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2018年02月23日 12:04:54    日报  参与评论()人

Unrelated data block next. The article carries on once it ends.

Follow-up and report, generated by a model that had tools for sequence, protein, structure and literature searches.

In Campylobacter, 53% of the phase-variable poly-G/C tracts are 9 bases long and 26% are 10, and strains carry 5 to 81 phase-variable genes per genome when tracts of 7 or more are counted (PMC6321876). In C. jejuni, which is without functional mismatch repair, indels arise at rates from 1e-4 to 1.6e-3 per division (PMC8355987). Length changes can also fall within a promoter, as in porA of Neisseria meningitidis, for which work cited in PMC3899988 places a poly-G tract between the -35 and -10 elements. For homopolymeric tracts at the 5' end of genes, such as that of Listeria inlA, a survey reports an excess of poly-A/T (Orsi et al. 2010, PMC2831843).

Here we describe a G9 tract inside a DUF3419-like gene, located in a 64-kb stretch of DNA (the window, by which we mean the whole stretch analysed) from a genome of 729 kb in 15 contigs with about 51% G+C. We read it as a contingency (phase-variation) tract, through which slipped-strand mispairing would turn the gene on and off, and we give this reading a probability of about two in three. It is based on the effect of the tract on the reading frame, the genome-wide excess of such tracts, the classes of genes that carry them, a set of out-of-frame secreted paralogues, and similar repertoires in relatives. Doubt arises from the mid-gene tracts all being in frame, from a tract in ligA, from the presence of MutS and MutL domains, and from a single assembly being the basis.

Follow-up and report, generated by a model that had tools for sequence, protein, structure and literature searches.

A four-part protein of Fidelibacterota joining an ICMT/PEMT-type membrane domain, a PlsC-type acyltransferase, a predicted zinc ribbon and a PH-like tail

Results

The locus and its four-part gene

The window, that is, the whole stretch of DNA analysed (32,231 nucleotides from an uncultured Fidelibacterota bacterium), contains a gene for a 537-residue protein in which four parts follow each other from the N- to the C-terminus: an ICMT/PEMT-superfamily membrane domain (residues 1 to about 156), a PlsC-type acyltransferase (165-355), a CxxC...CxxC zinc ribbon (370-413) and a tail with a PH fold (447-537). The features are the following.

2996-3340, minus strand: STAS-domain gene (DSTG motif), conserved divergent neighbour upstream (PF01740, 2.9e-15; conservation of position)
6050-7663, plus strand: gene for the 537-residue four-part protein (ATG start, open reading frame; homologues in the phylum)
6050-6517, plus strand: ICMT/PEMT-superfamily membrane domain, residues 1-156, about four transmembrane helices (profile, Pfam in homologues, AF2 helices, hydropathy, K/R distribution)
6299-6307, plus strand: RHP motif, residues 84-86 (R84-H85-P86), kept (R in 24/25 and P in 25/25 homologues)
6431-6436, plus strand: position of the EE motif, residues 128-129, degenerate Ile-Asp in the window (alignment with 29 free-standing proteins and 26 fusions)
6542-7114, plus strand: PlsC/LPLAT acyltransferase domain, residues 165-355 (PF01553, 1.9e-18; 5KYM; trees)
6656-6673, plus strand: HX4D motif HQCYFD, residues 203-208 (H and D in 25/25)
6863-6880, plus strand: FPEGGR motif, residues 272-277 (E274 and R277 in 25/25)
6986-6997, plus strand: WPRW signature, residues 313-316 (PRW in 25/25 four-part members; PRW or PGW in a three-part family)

孝感市第一人民医院治疗男性不育多少钱武汉/包茎手术大约多少钱President Bush Discusses Administration's Plan to Assist AutomakersTHE PRESIDENT: Good morning. For years, America's automakers have faced serious challenges -- burdensome costs, a shrinking share of the market, and declining profits. In recent months, the global financial crisis has made these challenges even more severe. Now some U.S. auto executives say that their companies are nearing collapse -- and that the only way they can buy time to restructure is with help from the federal government. This is a difficult situation that involves fundamental questions about the proper role of government. On the one hand, government has a responsibility not to undermine the private enterprise system. On the other hand, government has a responsibility to safeguard the broader health and stability of our economy. Addressing the challenges in the auto industry requires us to balance these two responsibilities. If we were to allow the free market to take its course now, it would almost certainly lead to disorderly bankruptcy and liquidation for the automakers. Under ordinary economic circumstances, I would say this is the price that failed companies must pay -- and I would not favor intervening to prevent the automakers from going out of business. But these are not ordinary circumstances. In the midst of a financial crisis and a recession, allowing the U.S. auto industry to collapse is not a responsible course of action. The question is how we can best give it a chance to succeed. Some argue the wisest path is to allow the auto companies to reorganize through 11 provisions of our bankruptcy laws -- and provide federal loans to keep them operating while they try to restructure under the supervision of a bankruptcy court. But given the current state of the auto industry and the economy, 11 is unlikely to work for American automakers at this time. American consumers understand why: If you hear that a car company is suddenly going into bankruptcy, you worry that parts and servicing will not be available, and you question the value of your warranty. And with consumers hesitant to buy new cars from struggling automakers, it would be more difficult for auto companies to recover. Additionally, the financial crisis brought the auto companies to the brink of bankruptcy much faster than they could have anticipated -- and they have not made the legal and financial preparations necessary to carry out an orderly bankruptcy proceeding that could lead to a successful restructuring. The convergence of these factors means there's too great a risk that bankruptcy now would lead to a disorderly liquidation of American auto companies. My economic advisors believe that such a collapse would deal an unacceptably painful blow to hardworking Americans far beyond the auto industry. It would worsen a weak job market and exacerbate the financial crisis. It could send our suffering economy into a deeper and longer recession. And it would leave the next President to confront the demise of a major American industry in his first days of office. A more responsible option is to give the auto companies an incentive to restructure outside of bankruptcy -- and a brief window in which to do it. And that is why my administration worked with Congress on a bill to provide automakers with loans to stave off bankruptcy while they develop plans for viability. This legislation earned bipartisan support from majorities in both houses of Congress. Unfortunately, despite extensive debate and agreement that we should prevent disorderly bankruptcies in the American auto industry, Congress was unable to get a bill to my desk before adjourning this year. This means the only way to avoid a collapse of the U.S. auto industry is for the executive branch to step in. The American people want the auto companies to succeed, and so do I. So today, I'm announcing that the federal government will grant loans to auto companies under conditions similar to those Congress considered last week. These loans will provide help in two ways. First, they will give automakers three months to put in place plans to restructure into viable companies -- which we believe they are capable of doing. Second, if restructuring cannot be accomplished outside of bankruptcy, the loans will provide time for companies to make the legal and financial preparations necessary for an orderly 11 process that offers a better prospect of long-term success -- and gives consumers confidence that they can continue to buy American cars. Because Congress failed to make funds available for these loans, the plan I'm announcing today will be drawn from the financial rescue package Congress approved earlier this fall. The terms of the loans will require auto companies to demonstrate how they would become viable. They must pay back all their loans to the government, and show that their firms can earn a profit and achieve a positive net worth. This restructuring will require meaningful concessions from all involved in the auto industry -- management, labor unions, creditors, bondholders, dealers, and suppliers. In particular, automakers must meet conditions that experts agree are necessary for long-term viability -- including putting their retirement plans on a sustainable footing, persuading bondholders to convert their debt into capital the companies need to address immediate financial shortfalls, and making their compensation competitive with foreign automakers who have major operations in the ed States. If a company fails to come up with a viable plan by March 31st, it will be required to repay its federal loans. The automakers and unions must understand what is at stake, and make hard decisions necessary to reform, These conditions send a clear message to everyone involved in the future of American automakers: The time to make the hard decisions to become viable is now -- or the only option will be bankruptcy. The actions I'm announcing today represent a step that we wish were not necessary. But given the situation, it is the most effective and responsible way to address this challenge facing our nation. By giving the auto companies a chance to restructure, we will shield the American people from a harsh economic blow at a vulnerable time. And we will give American workers an opportunity to show the world once again they can meet challenges with ingenuity and determination, and bounce back from tough times, and emerge stronger than before. Thank you. 200812/59270武汉/市第三医院首义院区不孕不育多少钱 湖北武汉/汉阳治疗包皮包茎哪家医院最好